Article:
He stays silent just long enough that I go on to fill the space between us. “The dog is having these seizures, and I just got a call saying my elderly mother is in the hospital with two broken legs, and I don’t know what happened. She was going to a dialysis appointment, and I don’t think they had her wheelchair strapped in properly, and she’s a mess, and she lives out of state, and she’s going to have surgery, and they were just saying they don’t know if she’ll make it through or not.”
“What’s your mom’s name?” the vet asks, more command than question. Simple curiosity isn’t why he’s asking. We’re getting very personal. A tinge of panic pushes my blood through my veins a little faster, pushes more of it into my skull. I’ve heard this question asked of others in just this tone before. We’re in the Bible Belt. I know what this question means. It’s part of the performative ritual for help. No one ever asks me this. I don’t allow such things.
It’s still hot outside; I feel the heat tiptoeing into the room, prickling in my armpits, prodding behind my brow. That fish is still oozing in the Ziploc on the back porch, waiting to be buried under a large rock in the backyard. I’m still telling my mom Jonah and the Whale isn’t real; that can’t happen. That fish’s facts don’t add up.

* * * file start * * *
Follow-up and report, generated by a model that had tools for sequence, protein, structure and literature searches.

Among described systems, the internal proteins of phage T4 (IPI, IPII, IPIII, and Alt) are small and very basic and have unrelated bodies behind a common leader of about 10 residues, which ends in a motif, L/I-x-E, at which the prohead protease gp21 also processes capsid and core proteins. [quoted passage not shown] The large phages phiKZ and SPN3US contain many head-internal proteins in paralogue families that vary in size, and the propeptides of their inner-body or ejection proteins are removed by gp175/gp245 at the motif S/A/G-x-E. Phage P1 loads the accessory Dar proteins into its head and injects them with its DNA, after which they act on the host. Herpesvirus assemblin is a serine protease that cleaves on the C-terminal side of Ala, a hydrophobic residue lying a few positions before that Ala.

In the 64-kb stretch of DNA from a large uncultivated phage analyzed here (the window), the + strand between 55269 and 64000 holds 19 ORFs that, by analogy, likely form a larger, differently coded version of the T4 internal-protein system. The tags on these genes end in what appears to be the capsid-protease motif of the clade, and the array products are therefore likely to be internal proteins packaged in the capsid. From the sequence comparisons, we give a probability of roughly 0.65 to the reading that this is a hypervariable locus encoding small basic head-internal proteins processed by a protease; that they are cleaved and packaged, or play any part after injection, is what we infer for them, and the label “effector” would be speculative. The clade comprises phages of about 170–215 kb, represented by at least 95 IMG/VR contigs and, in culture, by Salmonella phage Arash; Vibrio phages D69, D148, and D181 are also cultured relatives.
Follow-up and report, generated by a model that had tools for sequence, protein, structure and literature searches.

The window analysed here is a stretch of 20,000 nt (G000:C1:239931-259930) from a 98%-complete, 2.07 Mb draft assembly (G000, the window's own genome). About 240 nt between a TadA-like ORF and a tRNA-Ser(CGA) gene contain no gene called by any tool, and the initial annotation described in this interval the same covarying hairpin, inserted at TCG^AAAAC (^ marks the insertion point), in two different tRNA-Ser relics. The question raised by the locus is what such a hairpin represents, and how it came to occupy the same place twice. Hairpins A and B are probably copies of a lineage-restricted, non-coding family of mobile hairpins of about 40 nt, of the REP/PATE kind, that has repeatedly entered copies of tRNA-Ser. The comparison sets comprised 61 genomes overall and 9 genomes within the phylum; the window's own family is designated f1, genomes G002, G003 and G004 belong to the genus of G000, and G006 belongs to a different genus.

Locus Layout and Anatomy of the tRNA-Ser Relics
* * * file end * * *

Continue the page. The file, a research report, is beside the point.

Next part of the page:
But I don’t shake my head. I don’t smile and wave a dismissing hand or start gathering my things to leave.
I imagine my mom lying in that whale of a hospital bed, trapped, broken, and disoriented. I see her on the edge of my bed, closing the book with exasperation, grasping for, hoping for, some flash of faith within me.
I don’t say, “Oh, don’t worry about it. I need to get going.”
I tell him.
“Julie. Her name is Julie.”
And just like that, his head is bowed, his eyes closed, the dog is still lying on the floor beside me, the sides of her chest, the soft white part of her underside, rising and falling rhythmically as she sleeps.
It’s only the two of us here, and the dog. I know this isn’t about a fish or a whale or a man trapped inside. This isn’t about facts adding up. I watch the top of his bowed head, I see the gray hairs streaking through the brown, and I crack open. This is about her, I think. Maybe she needs this; maybe she wants this. Maybe this works, I think. She wanted me to call.
I inhale the air between us like a better-late-than-never communion and swallow thickly. His intent is a knot stuck in my throat. I am Jonah, now. This is my whale. Blinking rapidly to stave off tears, I, the atheist of the highest order, stare straight at his closed eyes and hold my breath. Who am I to add up facts? Who am I to say what’s real? I let him dial.
“Dear Father, let us pray for Julie.”